We must not forget Dean’s vision

For the last few days, I have been debating whether I need to redecorate my room. The walls of my snug single are covered with Howard Dean paraphernalia — the poster, the bumper sticker, the campaign literature, the buttons, and even my intern badge from my adventures in New Hampshire. The room seems to exude Howard Dean even more than Yale blue.

So when I watched Dean announce that he would no longer actively seek the presidency last Wednesday afternoon, I felt a lack of purpose. Granted, his leaving the race was no surprise — it had been over a month since Iowa and three weeks after New Hampshire, and the writing on the wall was clear. Yet there was something about the finality of his speech that seemed to reopen the wound that had been attempting to heal itself since the early primary defeats.

For the past year, I had been a total Deaniac, to use the media’s phrase to describe those of us who became enchanted with the dark-horse Democrat from Vermont. I went to meet-ups, I worked with the Yalies for Dean Coalition on campus, and I made the trek up to New Hampshire. But somewhere along the way, the Dean campaign became more than just a part of my life. The button on the book bag, the winter hat with the official logo, the various campaign materials in my room all added to this new identity that I enthusiastically embraced. Dean was the first topic of conversation and the first question to debate.

My story is far from unique. I share it with others on this campus who have become my dear friends over the last year and with thousands upon thousands of others around the country. The campaign made the progress it did because it trusted volunteers to become its spokesmen, creating a grassroots campaign that empowered a new generation of community activists. But now all of these activists and I inevitably share not only the same recent past, but also the same unclear future. We return to the question of where do we go from here? In other words, should I redecorate my dorm room?

For me, the short-term decision was easy to make. I had received my absentee ballot for New York the same day as the Wisconsin primary, and I had already decided that I would vote for Dean. I filled out my ballot after he had announced the virtual end to his campaign, proud that I had an opportunity to vote for a candidate in whom I truly believed with all of my political heart.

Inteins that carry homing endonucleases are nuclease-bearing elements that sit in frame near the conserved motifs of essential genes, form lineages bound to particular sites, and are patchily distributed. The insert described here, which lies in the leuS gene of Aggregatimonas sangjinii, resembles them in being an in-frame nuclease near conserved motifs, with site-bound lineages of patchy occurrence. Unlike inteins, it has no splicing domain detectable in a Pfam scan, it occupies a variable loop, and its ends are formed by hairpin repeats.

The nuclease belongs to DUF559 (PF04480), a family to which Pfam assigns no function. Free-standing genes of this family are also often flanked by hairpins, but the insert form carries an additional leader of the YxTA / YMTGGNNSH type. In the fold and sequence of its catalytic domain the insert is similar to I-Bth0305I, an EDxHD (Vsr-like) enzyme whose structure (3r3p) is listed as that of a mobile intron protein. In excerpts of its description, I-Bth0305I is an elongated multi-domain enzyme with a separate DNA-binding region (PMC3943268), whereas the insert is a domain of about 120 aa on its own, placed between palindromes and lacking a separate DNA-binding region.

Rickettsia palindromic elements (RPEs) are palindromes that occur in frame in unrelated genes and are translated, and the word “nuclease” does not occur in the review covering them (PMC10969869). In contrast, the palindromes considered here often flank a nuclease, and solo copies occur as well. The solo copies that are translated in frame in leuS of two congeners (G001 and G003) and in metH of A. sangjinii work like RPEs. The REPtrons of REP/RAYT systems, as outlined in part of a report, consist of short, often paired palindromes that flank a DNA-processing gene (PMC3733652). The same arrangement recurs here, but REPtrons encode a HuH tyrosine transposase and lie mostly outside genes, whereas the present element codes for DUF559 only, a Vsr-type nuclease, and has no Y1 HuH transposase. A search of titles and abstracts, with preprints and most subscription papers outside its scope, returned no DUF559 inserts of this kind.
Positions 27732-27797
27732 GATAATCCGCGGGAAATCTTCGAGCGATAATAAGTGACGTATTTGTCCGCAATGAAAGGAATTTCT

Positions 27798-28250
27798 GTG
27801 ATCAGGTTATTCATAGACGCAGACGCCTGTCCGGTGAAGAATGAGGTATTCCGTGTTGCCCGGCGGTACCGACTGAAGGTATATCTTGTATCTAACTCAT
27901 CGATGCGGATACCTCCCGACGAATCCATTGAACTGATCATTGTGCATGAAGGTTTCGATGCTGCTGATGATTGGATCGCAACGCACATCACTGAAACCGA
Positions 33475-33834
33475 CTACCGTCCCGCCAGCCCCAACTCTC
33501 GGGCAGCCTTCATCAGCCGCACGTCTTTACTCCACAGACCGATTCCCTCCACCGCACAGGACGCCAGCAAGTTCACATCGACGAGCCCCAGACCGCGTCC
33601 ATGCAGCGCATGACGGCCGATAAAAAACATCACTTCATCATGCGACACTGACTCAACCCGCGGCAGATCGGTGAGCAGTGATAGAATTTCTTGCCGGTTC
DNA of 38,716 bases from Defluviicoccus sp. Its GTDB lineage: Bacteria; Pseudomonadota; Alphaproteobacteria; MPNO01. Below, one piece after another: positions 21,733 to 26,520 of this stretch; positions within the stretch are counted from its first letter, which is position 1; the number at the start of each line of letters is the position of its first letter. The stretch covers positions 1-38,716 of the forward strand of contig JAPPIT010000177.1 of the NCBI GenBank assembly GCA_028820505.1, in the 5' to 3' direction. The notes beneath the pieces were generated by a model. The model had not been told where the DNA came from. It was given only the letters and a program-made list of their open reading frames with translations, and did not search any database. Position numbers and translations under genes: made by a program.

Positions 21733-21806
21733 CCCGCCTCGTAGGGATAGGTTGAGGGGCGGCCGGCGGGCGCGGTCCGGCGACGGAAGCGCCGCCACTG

Now I may be a Deaniac, but I don’t mean to scare my fellow Democrats. I despise Bush and am as furious with Nader as your most fervent Kerry or Edwards campaign staffer. More important, I am a member of the Democratic Party and will be glad to be working for whomever our nominee is once the primaries are over.

This long term solution might be difficult at first for me and my fellow compatriots who campaigned so hard for Dean to accept, but I feel confident in saying that I will not be the only Deaniac bearing a new campaign button on my book bag. While Dean may not be the nominee, he completely changed the landscape of the 2004 election. In a post-Sept. 11 environment, he was the first to stand up and criticize George Bush — for his move to go to war in Iraq, for his tax cuts for the rich, and for his gutting of funding for social programs.

It was his courage, his views, and yes — even his anger — that got young people to listen to him and to work for someone they had never met. It was what brought them to the polls in record numbers in Iowa, New Hampshire, and the other early primary states. Whether this new group of young voters cast their ballots for Dean or one of the other candidates, they came because Dean had showed the Democratic Party that young people are an important constituency that cannot be ignored.

Not only did he energize this new base of volunteers and donors who had been previously disenchanted or apathetic, he energized the other candidates themselves. He reminded all of us what it meant to be strong Democrats who stand up for positive ideals, showing that we could defend our positions without watching every poll, afraid of how the American people might react. Dean showed the other candidates that when you speak your mind and present a clear argument, people listen and people act, giving the party a new vision that will serve both it and the American people well not just in 2004 but for many years to come.

And in terms of my room, the Dean poster is staying up. But there’s a spot saved underneath it for the Democratic National Committee’s next official poster.


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